That means our Methodist friends, Baptist friends, Presbyterian friends, Catholic friends, Orthodox friends, our Pentecostal and Charismatic friends, too. All believers, regardless of which denomination, whatever name they go by or group they worship with, all are part of Christ’s Church. That means we all have a shared burden over our past failures, and we all have a shared victory in the ways the Church is bringing light into dark places and healing where there is hurt.

The apostle Paul has a lot to say about the Church, what it should look like, and how it should work together. He wrote consistently about the church being a unit made up of different parts with different gifts and functions. You can read all about it in I Corinthians chapter 12 & and the foundation of that cooperation in chapter 13. I want to narrow the focus, though, to the purpose of the Church. Paul talks mentions it in part of a prayer in Ephesians 3.

And I pray that you, being rooted and established in love, may have power, together with all the Lord’s holy people, to grasp how wide and long and high and deep is the love of Christ, and to know this love that surpasses knowledge—that you may be filled to the measure of all the fullness of God.
Now to him who is able to do immeasurably more than all we ask or imagine, according to his power that is at work within us, to him be glory in the church and in Christ Jesus throughout all generations, for ever and ever! Amen.
Ephesians 3:17-21

Our number one purpose as the Church is to glorify God.

Glorify is a word we use a lot and study very little. Its definitions include the act of worship, as well as “to light up brilliantly” and “reveal or make clearer the glory of God by one’s actions.” Glorifying God means living and acting in such a way that we shine a spotlight on God’s goodness, mercy, righteousness, and love.

Paul calls us God’s ambassadors. Ambassadors do everything in their power to represent their nation and its leaders well. They aim to showcase the values of their culture and bring about better understanding between the people they represent and those with whom they live.

We glorify God through worship that looks like service.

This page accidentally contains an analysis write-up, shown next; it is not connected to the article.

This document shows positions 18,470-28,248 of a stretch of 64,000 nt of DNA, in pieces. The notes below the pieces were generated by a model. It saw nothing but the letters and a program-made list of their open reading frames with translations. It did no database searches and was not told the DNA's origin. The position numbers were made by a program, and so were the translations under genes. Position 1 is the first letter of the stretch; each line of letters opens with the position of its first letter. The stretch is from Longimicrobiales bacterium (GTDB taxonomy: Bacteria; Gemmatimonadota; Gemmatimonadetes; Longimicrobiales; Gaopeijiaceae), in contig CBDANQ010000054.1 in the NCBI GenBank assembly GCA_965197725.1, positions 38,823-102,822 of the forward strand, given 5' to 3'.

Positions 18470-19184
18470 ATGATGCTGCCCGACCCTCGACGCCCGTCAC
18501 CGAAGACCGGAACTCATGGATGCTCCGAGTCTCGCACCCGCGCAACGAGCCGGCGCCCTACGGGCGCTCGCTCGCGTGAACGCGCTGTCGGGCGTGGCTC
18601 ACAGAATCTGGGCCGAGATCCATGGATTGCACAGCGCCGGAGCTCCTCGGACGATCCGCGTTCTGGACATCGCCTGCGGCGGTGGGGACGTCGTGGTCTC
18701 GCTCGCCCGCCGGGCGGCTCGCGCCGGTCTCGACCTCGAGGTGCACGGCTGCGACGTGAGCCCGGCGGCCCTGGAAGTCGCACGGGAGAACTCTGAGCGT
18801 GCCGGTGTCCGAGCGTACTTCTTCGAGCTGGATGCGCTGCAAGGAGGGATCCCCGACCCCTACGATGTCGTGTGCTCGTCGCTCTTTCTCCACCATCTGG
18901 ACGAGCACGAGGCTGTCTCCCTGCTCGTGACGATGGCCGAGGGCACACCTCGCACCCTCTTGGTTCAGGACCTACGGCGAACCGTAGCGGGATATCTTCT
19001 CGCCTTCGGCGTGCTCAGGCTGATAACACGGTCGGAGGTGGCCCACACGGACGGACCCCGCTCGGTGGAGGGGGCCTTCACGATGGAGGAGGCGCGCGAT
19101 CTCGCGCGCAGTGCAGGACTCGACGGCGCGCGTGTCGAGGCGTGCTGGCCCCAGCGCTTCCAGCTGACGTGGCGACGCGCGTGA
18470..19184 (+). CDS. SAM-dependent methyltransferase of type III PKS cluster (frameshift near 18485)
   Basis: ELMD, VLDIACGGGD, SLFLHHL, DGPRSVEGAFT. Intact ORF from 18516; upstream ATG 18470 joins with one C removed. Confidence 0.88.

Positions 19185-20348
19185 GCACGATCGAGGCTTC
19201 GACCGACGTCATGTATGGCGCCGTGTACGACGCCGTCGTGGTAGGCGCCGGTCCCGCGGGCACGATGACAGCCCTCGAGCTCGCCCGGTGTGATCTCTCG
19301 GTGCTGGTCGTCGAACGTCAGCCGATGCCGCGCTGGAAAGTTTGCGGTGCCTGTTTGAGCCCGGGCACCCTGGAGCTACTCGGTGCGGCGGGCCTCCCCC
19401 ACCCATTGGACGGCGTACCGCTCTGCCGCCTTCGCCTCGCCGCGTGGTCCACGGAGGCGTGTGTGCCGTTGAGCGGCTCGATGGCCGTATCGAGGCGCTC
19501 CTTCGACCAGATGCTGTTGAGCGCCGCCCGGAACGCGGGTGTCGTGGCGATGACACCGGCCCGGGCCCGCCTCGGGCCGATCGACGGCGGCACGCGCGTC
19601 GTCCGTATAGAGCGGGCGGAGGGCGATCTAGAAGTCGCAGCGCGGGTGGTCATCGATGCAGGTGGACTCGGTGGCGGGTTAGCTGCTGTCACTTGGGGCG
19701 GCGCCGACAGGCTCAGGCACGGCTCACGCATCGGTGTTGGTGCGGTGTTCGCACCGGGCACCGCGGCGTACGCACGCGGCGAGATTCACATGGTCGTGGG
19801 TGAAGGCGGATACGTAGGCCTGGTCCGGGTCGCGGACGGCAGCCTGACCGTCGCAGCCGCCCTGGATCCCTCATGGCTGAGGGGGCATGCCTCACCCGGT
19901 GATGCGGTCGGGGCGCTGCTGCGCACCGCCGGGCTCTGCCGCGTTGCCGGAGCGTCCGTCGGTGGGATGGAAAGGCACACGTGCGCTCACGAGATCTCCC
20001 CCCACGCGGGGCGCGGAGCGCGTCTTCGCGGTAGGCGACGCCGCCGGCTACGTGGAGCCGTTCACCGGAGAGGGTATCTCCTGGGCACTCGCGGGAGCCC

Worship is more than a time set aside each week where we get together, sing, preach and testify to God’s goodness. This is great, but we can lose sight of the obvious, the people we meet with are our fellow ambassadors. The ambassador’s main function is outside their cultural bubble.

Therefore, as we have opportunity, let us do good to all people. Galatians 6:10a

Walk in wisdom toward outsiders, making the best use of the time. Let your speech always be gracious, seasoned with salt, so that you may know how you ought to answer each person. Colossians 4:5-6

Yes, we need to serve and minister to the needs of those are within the Church, but we absolutely must serve and love those who are not.

Love God, Love Others

Jesus famously gave a brilliant answer to those asking which part of the Torah was his guiding principle. He said the entire Law and Prophets hang on two commands: Love the Lord your God with all your heart, soul, mind, and strength; and love your neighbor as yourself. If this is Jesus’ central command, it ought to be the guiding principle for all believers in their everyday life, but even more so the bedrock foundation of the actions of the Church.

Glorify God, Serve the World

Living on that foundation of love allows us to bear witness with our lives to the Good News. What is Good News? That God created us, loves us, reaches out to us, wants to restore our lives, relationships, and all of creation. Our job is to live so in step with the Spirit that we can give an answer to why we follow Jesus, what walking in faith has produced in our lives, and do so in a gentle and gracious manner.